World politics and India’s strategic challenges

In the rapidly shifting sands of global political chessboard, India needs to maintain its firm footing.

An evolving chessboard


The world political scenario is becoming pretty complex, dynamic and challenging. New alliances are arising and old ones breaking apart. In today’s world politics, there are neither permanent friends nor foes. This is evident from the stand taken by China and Russia on the issue of terrorism despite India’s strenuous efforts.

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On the world stage, the sands of power are shifting rapidly. America (USA) is no longer the sole superpower, undisputed in stature. Its power and perspective is being challenged in different ways by different emerging powers – China pushes its industrial might its own way, Japan plans to perhaps militarise citing security concerns, the EU does not believe in the methods of America especially regarding IPR & Technology companies and as evident in heavy anti-Trust fines on US giants, Russia is creating its own power equations, and so on. India has had cozy relationships with some over the decades, but is now forced to recalibrate much of its foreign policy needs.

[Read this Bodhi in Hindi, here]

The last decade has been quite challenging for India’s strategic position on the domestic as well as international fronts. On one hand, India has dominated the world IT sector, and established brand India, but on the other hand, we have failed to keep pace in the deployment of our fast growing productive population.

Despite these, and many other challenges, our democratic set up has stood us in good stead in overcoming contradictory voices and creating an inclusive society. But today we stand at crossroads where it has become imperative for us to take firm and hard decisions, both internally as well as externally.

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We need to take care of both our internal prosperity and stability, and external security and strategic reach. One of India’s biggest and complex challenges today is the one posed by the People's Republic of China (PRC). In a confusing strategic situation, China seems to be our friend, foe and mortal enemy, all rolled into one!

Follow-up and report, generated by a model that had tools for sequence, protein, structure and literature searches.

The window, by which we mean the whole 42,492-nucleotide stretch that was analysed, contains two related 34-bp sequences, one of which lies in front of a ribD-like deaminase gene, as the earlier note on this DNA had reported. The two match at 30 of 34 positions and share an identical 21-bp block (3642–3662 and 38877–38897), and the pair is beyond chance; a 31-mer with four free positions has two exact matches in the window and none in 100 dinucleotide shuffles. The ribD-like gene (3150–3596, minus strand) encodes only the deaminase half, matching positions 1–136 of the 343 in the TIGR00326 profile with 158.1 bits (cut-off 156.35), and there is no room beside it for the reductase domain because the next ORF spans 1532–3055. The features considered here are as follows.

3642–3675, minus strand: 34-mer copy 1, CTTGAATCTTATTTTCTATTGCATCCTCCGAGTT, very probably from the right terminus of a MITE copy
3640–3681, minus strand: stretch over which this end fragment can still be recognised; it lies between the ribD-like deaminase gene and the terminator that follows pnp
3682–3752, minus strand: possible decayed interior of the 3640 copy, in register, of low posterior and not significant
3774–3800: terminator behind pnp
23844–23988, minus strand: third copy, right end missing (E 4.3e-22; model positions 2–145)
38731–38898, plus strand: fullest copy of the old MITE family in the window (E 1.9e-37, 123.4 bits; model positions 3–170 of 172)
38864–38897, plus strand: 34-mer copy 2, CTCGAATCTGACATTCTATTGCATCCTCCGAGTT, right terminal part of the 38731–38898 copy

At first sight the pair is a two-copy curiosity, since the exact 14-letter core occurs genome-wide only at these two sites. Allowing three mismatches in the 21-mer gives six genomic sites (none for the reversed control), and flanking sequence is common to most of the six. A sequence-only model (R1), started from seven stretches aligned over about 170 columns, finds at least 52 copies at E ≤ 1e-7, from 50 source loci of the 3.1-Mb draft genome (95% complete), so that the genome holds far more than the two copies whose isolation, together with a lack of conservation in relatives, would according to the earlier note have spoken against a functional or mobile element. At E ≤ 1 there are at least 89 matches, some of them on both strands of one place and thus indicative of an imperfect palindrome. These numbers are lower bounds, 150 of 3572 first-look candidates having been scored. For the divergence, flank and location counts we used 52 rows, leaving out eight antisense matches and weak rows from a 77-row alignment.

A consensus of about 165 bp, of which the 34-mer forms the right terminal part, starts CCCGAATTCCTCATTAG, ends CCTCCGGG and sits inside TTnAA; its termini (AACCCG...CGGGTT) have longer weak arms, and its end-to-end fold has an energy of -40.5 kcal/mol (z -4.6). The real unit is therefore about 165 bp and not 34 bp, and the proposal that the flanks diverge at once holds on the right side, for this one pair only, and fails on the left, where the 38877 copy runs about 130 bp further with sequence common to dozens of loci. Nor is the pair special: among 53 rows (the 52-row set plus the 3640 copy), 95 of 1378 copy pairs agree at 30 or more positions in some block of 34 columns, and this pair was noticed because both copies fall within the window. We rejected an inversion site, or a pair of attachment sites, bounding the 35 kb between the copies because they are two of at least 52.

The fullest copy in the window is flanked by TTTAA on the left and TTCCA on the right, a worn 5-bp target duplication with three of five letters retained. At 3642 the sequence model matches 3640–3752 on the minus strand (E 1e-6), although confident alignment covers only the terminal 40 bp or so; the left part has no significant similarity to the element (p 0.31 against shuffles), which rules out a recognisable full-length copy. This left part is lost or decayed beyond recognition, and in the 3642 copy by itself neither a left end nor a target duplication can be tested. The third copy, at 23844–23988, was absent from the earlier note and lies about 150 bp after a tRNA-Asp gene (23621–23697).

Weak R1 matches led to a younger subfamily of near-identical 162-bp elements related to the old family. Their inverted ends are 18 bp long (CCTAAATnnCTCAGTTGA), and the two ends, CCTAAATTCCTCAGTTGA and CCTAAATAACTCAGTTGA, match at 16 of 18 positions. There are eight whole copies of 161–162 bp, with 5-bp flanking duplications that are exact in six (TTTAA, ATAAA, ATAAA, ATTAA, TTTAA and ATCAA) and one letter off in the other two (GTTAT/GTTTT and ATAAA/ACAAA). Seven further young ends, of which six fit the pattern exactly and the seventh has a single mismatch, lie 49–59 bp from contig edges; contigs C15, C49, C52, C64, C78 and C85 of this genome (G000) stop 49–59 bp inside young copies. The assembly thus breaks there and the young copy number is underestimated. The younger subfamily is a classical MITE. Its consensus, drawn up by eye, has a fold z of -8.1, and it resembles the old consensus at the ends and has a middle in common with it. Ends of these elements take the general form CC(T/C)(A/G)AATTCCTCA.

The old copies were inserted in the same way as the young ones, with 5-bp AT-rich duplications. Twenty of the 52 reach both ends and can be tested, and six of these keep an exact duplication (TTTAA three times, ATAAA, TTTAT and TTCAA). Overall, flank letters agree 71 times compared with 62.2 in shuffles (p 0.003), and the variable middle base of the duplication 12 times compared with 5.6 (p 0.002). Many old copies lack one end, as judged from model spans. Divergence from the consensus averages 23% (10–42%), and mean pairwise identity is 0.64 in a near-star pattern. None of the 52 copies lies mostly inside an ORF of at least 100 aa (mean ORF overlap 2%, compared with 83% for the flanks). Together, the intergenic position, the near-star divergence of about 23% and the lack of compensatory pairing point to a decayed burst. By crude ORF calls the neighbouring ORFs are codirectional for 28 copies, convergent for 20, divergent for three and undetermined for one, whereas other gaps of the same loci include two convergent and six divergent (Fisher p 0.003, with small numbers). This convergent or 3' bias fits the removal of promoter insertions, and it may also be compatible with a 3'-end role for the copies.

The China variable


China’s hardline political stand since 1949 – adopted by Mao – changed in 1976 with the emergence of reformist leader Deng Xiaoping who focussed on three things -  (1) Bringing maximum possible foreign capital into China, (2) speedy growth of army and weapons, and (3) developing technological power. India, on the other hand, has tried to preserve its democratic institutions, its citizens’ fundamental rights and the freedom of constitutional institutions. As a result, the speed of our reforms has been comparatively very slow. That has been a major reason for the wide gap between the two countries. Unfortunately our own analysts totally overlook this democracy bonus that they are enjoying!

For academic interest, the global economic history throws an entirely new picture the moment one digs deeper into the centuries. India and China, it turns out, ruled the roost. The modern generations may find it tough to believe this! In fact, the ancient Indians (Indus-ians!) had built an entire civilisation of 1000+ urban centres by 3000 BC! Alas.

[इस बोधि को हिंदी में पढ़ें, यहाँ]

Noted economist late Dr. Angus Maddison's pioneering research brought this out.


Angus Maddison


[ This picture taken from The Economist, here ]

Today, China is using its amassed foreign exchange reserves to dominate the world in general and regional countries in particular. The China-Pakistan Economic Corridor (CPEC) and the recent $ 40 billion financial assistance to Bangladesh are glaring examples of the same. We fear that our friends may shift sides. So we need to be more careful.

It is time India takes a re-look at its external and internal policies. We need to exclusively think about ourselves, our economy and our security. Make necessary changes in the policies on both. We need to give a re-look to more and more reliance on Chinese products. Develop our own manufacturing and technological capabilities. It is not going to be easy, but it seems to be the way forward.

On the security front, we should redefine our previous policy. Strengthen our internal and external security position, rely more on indigenous manufacture of security items. Hopefully, in the coming decades, our strategic position will strengthen to the level where no one can take us for granted at all.

[ Running updates - International Relations, here]


The Tibet angle


India has faced continuous friction from the ambitious Chinese, on multiple fronts.